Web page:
Since 1978, the United States has celebrated Asian Pacific American Heritage Month in May. The month provides an opportunity to publicly recognize the achievements and contributions of Asian Americans that enrich our nation. As the daughter of a mother from Hawaii and a father from Hong Kong, being Asian American is not simply something I think about once a year, but rather, a daily reality; one that I carry with me as I work in the Department of State.
Here’s another reality: Asian Americans are the fastest-growing racial group in the United States, with a current population of over 21 million. According to the State Department’s workforce statistics, Asian Americans represent 6.4% of the Department’s permanent workforce. Yet at the most senior levels, Asian Americans represent less than 3.75% of the workforce. These numbers are not disaggregated to reflect the differences in Asian American subgroups, and therefore mask which groups are disproportionately overrepresented or underrepresented. Representation of Asian Americans and other minorities at all levels of the Department matters for our image overseas and helps us project our democratic values and diversity. That same representation matters just as much at home because it serves as a motivator for and an inspiration to the next generation of leaders within the Department and our communities.
Employee affinity groups, sponsored by the Department’s Office of Civil Rights, are leading the charge in addressing diversity and inclusion, and advocating for a foreign affairs community that reflects the multicultural makeup of the United States. These groups aim to address some of the “realities” related to minority representation in the Department. I am proud to be part of the Asian American Foreign Affairs Association (AAFAA) — an association of Civil Service and Foreign Service employees, fellows, contractors, interns and retirees at the Department of State with the mission to improve recruitment, outreach, and professional development of Asian American and Pacific Islander officers within the Department of State.
AAFAA aims to build community through professional development and networking activities, such as informal conversations with senior department officials. AAFAA has also been a leader on issues such as assignment restrictions and preclusions that disproportionately affect Asian Americans, and has partnered with other groups to organize events such as non-partisan voter registration and bone marrow donation drives. AAFAA is one of the most active employee affinity groups at State, hosting two to four events a month and producing a monthly newsletter for its members in the United States and in all of our Embassies and Consulates abroad.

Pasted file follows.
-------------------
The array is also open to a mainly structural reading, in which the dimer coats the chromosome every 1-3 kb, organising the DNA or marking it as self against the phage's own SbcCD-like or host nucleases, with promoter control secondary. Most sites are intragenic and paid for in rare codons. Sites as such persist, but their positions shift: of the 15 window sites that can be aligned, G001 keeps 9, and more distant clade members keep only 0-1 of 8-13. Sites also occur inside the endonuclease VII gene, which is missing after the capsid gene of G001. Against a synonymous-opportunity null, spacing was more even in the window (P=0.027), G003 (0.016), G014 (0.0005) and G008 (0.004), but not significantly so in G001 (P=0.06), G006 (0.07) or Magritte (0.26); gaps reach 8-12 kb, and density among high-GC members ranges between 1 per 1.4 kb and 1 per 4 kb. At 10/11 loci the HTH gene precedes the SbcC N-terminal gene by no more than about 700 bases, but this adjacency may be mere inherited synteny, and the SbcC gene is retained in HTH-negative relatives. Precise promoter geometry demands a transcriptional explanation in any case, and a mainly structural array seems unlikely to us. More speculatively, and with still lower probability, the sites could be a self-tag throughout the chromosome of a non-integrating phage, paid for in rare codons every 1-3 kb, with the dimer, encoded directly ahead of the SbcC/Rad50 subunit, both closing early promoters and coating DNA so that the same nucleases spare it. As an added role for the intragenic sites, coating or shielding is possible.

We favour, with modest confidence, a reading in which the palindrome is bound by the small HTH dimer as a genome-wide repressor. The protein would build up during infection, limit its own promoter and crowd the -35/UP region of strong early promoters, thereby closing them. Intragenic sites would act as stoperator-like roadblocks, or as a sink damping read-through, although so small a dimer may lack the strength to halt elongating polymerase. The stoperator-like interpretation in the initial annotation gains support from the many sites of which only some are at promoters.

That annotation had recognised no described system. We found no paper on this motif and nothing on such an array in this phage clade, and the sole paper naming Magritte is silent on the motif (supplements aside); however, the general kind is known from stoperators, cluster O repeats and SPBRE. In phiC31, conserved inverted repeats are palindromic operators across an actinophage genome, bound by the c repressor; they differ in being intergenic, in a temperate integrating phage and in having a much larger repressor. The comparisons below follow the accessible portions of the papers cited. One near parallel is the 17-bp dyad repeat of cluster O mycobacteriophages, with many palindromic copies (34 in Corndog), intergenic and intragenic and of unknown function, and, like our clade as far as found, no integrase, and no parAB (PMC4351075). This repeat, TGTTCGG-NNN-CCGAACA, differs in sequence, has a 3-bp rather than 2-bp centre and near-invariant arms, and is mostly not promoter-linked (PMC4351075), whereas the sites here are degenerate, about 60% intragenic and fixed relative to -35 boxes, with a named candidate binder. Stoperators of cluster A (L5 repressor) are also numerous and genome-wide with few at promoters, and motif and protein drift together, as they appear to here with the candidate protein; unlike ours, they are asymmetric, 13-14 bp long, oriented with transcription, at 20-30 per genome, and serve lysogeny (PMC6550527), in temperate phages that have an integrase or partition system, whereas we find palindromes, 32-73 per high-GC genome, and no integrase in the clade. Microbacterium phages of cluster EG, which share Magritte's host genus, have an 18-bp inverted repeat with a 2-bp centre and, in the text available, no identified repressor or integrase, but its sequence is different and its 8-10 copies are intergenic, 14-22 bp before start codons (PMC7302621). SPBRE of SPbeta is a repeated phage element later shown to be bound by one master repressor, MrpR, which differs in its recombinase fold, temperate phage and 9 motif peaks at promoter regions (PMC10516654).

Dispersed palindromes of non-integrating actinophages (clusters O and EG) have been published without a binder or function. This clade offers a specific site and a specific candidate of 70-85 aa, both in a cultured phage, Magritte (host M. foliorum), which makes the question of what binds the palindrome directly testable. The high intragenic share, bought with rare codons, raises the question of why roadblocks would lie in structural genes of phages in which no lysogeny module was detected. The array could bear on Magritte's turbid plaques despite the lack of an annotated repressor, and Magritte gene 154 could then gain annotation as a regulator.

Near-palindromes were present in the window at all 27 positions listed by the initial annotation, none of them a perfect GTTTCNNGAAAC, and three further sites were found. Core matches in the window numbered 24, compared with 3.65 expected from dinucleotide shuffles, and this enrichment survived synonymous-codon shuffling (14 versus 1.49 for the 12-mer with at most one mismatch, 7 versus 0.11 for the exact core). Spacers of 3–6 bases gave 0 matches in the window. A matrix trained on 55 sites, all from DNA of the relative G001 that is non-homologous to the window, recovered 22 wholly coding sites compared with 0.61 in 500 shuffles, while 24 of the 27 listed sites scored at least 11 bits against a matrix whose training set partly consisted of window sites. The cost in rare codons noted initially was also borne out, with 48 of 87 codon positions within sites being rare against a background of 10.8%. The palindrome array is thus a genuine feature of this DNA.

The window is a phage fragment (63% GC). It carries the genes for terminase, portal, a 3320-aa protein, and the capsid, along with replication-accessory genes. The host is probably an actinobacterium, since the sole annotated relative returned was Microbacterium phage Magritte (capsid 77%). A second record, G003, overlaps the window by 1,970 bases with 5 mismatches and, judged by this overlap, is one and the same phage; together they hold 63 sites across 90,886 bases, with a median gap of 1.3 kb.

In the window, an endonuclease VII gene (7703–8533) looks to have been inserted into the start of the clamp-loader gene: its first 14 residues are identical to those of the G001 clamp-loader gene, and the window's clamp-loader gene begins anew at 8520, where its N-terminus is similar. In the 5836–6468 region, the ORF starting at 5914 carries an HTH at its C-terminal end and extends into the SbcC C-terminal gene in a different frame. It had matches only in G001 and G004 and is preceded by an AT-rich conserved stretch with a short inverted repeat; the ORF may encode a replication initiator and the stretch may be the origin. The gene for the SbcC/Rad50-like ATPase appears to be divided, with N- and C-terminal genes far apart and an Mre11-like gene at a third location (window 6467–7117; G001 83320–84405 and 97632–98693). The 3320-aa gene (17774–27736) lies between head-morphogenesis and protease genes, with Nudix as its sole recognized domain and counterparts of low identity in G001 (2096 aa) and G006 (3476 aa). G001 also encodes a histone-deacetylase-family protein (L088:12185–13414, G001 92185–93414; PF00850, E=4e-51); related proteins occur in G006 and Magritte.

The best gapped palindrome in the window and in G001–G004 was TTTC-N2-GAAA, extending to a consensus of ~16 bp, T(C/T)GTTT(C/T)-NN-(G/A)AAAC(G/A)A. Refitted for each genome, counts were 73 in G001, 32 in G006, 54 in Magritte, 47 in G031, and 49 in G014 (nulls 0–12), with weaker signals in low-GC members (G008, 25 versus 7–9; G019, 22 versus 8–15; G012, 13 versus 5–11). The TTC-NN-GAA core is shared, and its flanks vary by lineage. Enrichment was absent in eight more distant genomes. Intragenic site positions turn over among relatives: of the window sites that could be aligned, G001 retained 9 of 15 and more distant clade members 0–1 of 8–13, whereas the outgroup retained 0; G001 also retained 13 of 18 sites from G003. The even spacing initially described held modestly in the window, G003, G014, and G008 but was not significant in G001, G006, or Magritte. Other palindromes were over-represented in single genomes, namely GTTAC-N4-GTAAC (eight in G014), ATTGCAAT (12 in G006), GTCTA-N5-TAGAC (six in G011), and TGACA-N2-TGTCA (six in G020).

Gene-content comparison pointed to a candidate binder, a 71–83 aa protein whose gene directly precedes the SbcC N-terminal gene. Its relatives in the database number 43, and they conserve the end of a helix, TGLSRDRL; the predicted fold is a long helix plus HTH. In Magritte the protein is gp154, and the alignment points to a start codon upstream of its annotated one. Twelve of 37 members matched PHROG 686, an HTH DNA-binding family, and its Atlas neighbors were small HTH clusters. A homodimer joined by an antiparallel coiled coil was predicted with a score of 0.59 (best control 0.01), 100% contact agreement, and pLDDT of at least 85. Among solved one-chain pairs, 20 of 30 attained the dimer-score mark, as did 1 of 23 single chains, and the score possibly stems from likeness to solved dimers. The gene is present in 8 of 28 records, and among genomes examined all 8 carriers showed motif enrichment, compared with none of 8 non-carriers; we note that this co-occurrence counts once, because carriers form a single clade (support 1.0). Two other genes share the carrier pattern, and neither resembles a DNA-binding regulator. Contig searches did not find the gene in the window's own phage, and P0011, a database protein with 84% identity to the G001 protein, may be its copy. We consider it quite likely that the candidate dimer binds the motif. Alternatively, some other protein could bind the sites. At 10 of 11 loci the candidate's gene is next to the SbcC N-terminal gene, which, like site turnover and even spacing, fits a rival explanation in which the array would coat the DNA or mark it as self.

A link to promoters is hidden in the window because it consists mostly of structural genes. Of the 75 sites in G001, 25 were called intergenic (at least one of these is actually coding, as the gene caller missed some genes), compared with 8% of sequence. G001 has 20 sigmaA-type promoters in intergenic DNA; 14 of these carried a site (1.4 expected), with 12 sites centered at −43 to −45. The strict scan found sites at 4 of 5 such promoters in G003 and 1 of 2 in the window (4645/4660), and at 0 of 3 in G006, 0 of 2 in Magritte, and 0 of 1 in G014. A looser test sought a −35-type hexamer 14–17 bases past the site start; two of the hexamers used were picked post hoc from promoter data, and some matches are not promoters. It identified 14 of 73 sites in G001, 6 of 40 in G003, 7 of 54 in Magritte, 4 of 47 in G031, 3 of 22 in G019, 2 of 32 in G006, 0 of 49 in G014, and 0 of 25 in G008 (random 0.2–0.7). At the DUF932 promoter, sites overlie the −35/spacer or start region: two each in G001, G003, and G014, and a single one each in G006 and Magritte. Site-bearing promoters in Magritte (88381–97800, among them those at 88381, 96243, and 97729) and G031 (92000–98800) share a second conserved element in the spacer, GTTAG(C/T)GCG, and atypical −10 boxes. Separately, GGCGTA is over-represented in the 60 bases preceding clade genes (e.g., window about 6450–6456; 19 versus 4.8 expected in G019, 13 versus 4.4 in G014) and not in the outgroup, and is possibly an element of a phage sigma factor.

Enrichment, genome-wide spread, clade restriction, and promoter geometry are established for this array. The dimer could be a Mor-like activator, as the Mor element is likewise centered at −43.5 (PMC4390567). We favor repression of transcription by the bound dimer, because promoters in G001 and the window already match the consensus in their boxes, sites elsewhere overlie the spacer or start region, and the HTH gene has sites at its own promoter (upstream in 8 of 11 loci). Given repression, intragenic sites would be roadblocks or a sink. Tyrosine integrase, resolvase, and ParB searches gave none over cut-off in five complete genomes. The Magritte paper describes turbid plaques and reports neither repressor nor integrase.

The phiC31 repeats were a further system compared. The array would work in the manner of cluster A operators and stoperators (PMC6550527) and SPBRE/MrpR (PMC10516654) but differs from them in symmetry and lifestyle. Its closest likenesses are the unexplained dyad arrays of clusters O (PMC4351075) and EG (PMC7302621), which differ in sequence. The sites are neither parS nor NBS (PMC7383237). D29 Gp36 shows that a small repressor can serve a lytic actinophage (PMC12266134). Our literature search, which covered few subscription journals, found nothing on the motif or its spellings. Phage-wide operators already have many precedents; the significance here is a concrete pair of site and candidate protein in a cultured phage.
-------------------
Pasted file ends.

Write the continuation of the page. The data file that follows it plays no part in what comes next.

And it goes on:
In mid-May, AAFAA hosted its annual leadership dinner, gathering over 120 attendees from across the Department and included guests from other federal agencies. Although it can be a challenge to find a high-level keynote speaker from among the small pool of Asian Americans in the senior ranks, we were honored to have Bob Wang, the former Asia Pacific Economic Cooperation (APEC) senior official, address the dinner attendees this year. He gave an inspiring speech on his experience in the Department and the importance of leveraging Departmental expertise and diverse perspectives when setting and implementing foreign policies.
As part of its outreach efforts, AAFAA seeks ways to celebrate and promote Asian American culture, such as through the Lunar New Year potluck in January and an inter-agency Mid-Autumn Festival social event. Another example is AAFAA’s dragon boat team, “Diplomatic Row,” which I led as the captain. Dragon boat racing is a fun sport that embodies many of the leadership and management principles the Department promotes in fostering teamwork and communication skills. Every year, the team draws nearly 75% new team members who are eager to learn a new sport and its cultural heritage. Diplomatic Row competed at the DC Dragon Boat Festival this May for its fifth year. We engaged with the wider D.C. community, and even won a silver medal in the 250-meter races, setting a team-best record time!
Throughout my time serving on the AAFAA Board and interacting with members, I have broadened my knowledge of the range of positions and roles Asian Americans play throughout the Department in serving our country: policy negotiators, management experts, diplomatic security agents and public affairs specialists, among other roles. I have also gained an appreciation of the Department’s inclusion and openness in encouraging employees to celebrate, share, and learn about each other’s cultural backgrounds.
Diversity is one of America’s strengths. And it is also a strength of the State Department. Through employee affinity groups like AAFAA, the Department is able to tap into and leverage the diversity within its ranks, and encourage further growth and representation of Asian Americans and leaders from all backgrounds. That same diversity should also be celebrated. Personally, the Department’s celebration of diversity has certainly enriched my experience as an Asian American and public servant at the Department of State.
About the Author: Aldrinana Leung serves as the economic policy and partnerships advisor in the Secretary’s Office of Global Women’s Issues at the U.S. Department of State.
Editor's Note: The entry is also published on Medium.com/StateDept.